Six (6) Quick and Easy Tips for Home Inspectors

Monday, November 11, 2013

1. Ask a friend who knows nothing about a home inspection to read your pre-inspection agreement and tell you what they think you will be inspecting. You may find your pre-inspection agreement needs to be revised so your clients clearly understand what a home inspection really covers.

2. Be sure your report clearly and prominently calls out any serious problems which may be a threat to health and/or safety as well as those which will cost a lot of money to resolve. If your report doesn’t adequately alert the client to the severity of these items, you can almost bet a claim is coming your way.

3. If you don’t inspect for certain things (like mold, termites, code compliance, etc.) be sure your pre-inspection agreement and your inspection report both say so, up front, clearly, and in bold letters. You may even want the client to initial this section showing they read and understood it.

4. If there are areas which are not accessible, be sure your report says so and states why an area was not accessible. You should take a photo of any inaccessible area and include it in your report. Six months from now, you need to be able to show the crawl space was filled with boxes and this prevented you from seeing the damaged footers.

5. Take and save photos of areas where you see nothing wrong. These photos don’t go into your report. Instead, they go into your work file and 6 months from now they may save you from a claim when your client says you missed evidence of a leak and you can show him/her the area in question was clean with no visible stains on the day of the inspection.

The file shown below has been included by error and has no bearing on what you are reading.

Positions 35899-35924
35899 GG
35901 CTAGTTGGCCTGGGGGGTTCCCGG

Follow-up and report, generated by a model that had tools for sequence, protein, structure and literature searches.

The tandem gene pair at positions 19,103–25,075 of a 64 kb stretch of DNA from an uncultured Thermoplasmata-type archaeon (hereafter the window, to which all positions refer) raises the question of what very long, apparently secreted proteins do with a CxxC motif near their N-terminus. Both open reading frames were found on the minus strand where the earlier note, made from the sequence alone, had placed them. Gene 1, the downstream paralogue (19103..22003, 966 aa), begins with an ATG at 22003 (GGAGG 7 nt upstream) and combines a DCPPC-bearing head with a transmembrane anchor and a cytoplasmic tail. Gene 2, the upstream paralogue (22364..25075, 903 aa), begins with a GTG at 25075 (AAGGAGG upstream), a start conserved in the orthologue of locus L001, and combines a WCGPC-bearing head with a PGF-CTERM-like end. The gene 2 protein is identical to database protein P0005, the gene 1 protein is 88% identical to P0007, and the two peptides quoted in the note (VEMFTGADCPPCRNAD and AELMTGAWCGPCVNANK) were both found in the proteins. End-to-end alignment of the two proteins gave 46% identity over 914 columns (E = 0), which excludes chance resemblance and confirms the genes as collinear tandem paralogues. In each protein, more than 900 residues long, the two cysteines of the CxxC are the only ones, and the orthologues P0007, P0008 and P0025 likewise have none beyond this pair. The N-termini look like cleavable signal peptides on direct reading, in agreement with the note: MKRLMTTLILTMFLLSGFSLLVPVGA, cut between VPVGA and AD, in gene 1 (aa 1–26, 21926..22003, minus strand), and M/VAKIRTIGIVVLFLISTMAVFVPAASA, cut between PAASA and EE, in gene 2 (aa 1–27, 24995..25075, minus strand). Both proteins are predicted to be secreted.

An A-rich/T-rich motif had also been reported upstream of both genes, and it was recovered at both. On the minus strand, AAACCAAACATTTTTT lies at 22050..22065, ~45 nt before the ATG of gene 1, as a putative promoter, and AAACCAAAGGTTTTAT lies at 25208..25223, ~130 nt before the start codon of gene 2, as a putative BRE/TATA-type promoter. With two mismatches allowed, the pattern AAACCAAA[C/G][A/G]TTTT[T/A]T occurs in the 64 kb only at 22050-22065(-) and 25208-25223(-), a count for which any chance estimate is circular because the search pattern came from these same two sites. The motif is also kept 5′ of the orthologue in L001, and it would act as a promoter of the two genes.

6. In both your pre-inspection agreement and your report, use clear, direct statements. Don’t beat around the bush; say what you mean. Look at the difference between these statements.
a. The roof shows some evidence of shingles curling and separating indicating there maybe some prior storm damage or that the roof might be nearing the end of its useful life. You may want to have a licensed roofer look at the issue (Vague and unclear with no call to action).
b. There are shingles on the roof curling up and separating. This indicates the roof is damaged and might need immediate repair or replacement. Call a licensed roofer prior to  closing for further evaluation (Clear and concise with direction to take action).

Nothing can make you entirely immune from having to deal with a client who wants to file a bogus claim, but if you follow these tips it will be much easier to make a bogus claim go away.

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